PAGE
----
It is the general rules which seem to be the most useful these days… buy low, sell high… neither a borrower nor a lender be… early to bed, early to rise. Etc. They are truisms, and almost forgettable when you’ve heard them so many times. But they are reliable because they’ve been tested over generations, giving them a statistical as well as empirical validity. All the specific bits of knowledge and tips are suspect, we think, because… well… at the very least, they are immodest.
Take for example the seemingly measured testimony of Reserve Bank of Australia Governor Glenn Stevens. Mr. Stevens is in Perth today, speaking to the House of Representatives Standing Committee on Economics, Finance, and Public Administration about the future. He did not, as you’ll see, confine himself to what he actually knows.
Had he done that, his testimony would probably have gone something like this, “Summer will give way to fall. It will rain less than we would like. The days of the year will pass a lot like they always have, and our papers will be full of human tragedies, comedies, farces, and weather forecasts. The sun will rise. It will set. Not much new will have happened in the world. However it will have happened to us for the first time. And that will make things interesting.”
This is a safe kind of testimony. It reflects an unashamed modesty about what we can really know about the future. Instead, Mr. Stevens read from his prepared remarks and said this, “We will, of course, see some large movements in CPI inflation in the next few quarters. It will probably fall noticeably below 2 per cent on an annual basis, as falling petrol and banana prices have their effect. After that, it will rise again, as those temporary factors fade, and we currently expect that CPI inflation will be around 2 3/4 per cent by early 2008, remaining around that rate thereafter. That is, it appears likely to be lower than recent outcomes, but closer to the top than the bottom of the 2-3 per cent target range.”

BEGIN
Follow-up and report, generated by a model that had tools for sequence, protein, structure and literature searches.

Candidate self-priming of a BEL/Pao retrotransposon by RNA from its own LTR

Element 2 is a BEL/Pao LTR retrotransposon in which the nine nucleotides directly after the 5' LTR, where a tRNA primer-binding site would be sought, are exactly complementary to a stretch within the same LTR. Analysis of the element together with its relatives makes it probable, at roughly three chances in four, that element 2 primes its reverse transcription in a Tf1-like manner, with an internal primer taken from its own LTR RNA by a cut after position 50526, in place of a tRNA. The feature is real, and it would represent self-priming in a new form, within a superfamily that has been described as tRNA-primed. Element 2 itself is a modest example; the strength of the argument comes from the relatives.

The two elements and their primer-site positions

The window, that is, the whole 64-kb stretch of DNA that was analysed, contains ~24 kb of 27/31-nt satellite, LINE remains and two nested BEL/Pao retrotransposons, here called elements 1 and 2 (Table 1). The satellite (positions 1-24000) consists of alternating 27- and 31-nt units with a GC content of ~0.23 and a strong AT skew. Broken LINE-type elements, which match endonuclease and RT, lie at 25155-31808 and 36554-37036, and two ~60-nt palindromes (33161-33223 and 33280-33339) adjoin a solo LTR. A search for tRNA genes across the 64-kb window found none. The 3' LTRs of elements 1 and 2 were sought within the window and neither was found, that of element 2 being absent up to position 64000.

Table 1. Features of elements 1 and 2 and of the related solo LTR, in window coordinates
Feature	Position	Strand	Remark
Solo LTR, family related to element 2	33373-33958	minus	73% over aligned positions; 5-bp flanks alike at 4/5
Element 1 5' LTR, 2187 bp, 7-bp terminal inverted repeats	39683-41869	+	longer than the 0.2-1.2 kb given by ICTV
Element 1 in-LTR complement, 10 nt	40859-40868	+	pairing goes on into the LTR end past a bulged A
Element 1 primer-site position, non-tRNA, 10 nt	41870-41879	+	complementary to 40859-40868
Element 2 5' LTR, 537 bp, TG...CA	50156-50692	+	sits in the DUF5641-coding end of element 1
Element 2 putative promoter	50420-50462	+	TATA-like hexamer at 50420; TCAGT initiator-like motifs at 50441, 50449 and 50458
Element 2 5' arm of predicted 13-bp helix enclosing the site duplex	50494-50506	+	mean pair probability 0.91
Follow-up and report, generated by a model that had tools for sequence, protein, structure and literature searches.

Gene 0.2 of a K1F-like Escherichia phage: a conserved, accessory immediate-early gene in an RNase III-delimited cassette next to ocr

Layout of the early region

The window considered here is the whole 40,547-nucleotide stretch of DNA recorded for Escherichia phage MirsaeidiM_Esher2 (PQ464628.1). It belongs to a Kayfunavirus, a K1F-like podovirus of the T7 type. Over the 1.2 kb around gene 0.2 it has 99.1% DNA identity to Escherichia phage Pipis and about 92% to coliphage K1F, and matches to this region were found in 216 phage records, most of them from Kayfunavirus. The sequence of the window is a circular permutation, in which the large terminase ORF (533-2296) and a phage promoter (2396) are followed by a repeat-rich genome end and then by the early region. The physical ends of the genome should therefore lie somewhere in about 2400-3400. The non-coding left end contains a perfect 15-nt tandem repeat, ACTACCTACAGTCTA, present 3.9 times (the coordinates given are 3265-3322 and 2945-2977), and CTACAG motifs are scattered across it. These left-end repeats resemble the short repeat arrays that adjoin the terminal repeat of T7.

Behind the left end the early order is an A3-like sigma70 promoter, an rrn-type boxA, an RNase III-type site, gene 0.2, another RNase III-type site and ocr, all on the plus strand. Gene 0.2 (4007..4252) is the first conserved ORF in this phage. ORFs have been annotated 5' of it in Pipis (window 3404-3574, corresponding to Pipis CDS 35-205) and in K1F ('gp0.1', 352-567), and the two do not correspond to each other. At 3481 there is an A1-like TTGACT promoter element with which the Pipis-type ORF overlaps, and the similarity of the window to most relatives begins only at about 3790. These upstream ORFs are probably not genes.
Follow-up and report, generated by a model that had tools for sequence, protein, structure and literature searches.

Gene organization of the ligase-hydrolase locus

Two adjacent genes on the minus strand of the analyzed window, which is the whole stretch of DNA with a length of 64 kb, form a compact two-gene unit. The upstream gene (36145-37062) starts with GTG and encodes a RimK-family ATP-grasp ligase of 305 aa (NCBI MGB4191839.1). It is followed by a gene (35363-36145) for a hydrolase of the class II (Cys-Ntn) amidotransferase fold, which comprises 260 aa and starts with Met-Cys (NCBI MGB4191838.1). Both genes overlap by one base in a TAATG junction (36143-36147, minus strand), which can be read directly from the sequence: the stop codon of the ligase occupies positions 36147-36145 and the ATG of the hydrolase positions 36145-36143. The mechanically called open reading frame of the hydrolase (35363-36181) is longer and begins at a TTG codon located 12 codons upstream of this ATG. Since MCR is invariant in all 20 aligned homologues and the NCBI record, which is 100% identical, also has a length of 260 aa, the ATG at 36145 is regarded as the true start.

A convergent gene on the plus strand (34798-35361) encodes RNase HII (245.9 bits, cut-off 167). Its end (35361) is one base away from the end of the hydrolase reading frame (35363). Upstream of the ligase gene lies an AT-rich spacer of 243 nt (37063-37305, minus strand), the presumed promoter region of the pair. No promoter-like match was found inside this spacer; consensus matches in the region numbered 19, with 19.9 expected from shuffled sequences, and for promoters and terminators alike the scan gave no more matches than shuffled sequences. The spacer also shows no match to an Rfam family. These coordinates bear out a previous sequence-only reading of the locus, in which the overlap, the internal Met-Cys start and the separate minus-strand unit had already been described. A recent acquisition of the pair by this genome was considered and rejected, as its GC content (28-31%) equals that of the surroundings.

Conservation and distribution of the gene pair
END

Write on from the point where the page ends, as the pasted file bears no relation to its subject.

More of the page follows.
The precision of the forecast makes you think its similar to a weather forecast. Temperatures will rise by noon, before slightly cooling in the early evening, with a cold front sweeping in after 10pm and brining much needed moisture to the area. But of course neither the weather nor interest rates are as predictable as weathermen and central bankers make them sound.
Granted, central banker’s have some ability to make their own prognostications come true by altering the supply of money. But here is the thing about complex, adaptive systems: you can know the general rules by which they operate and yet still be completely baffled by their particular movements on a day-to-day basis. Just ask a weatherman, or an economic forecast.
But we don’t mean to slag off anyone willing to make a forecast. We’ve done it ourselves many times. And for the record, here is our forecast for inflation this year: it will go up, and much higher than the RBA or anyone else predicts. In an era of super-abundant global liquidity, every asset, wage, and price is lifted by the sea of money below it.
What could pull the plug? A rise in Japanese interest rates, which would slow down the carry trade, might be a start. Borrowing in a low-yield currency to invest in higher-yield currencies has certainly fueled the current speculative boom. Discouraging the behaviour through higher rates in Japan is a possibility.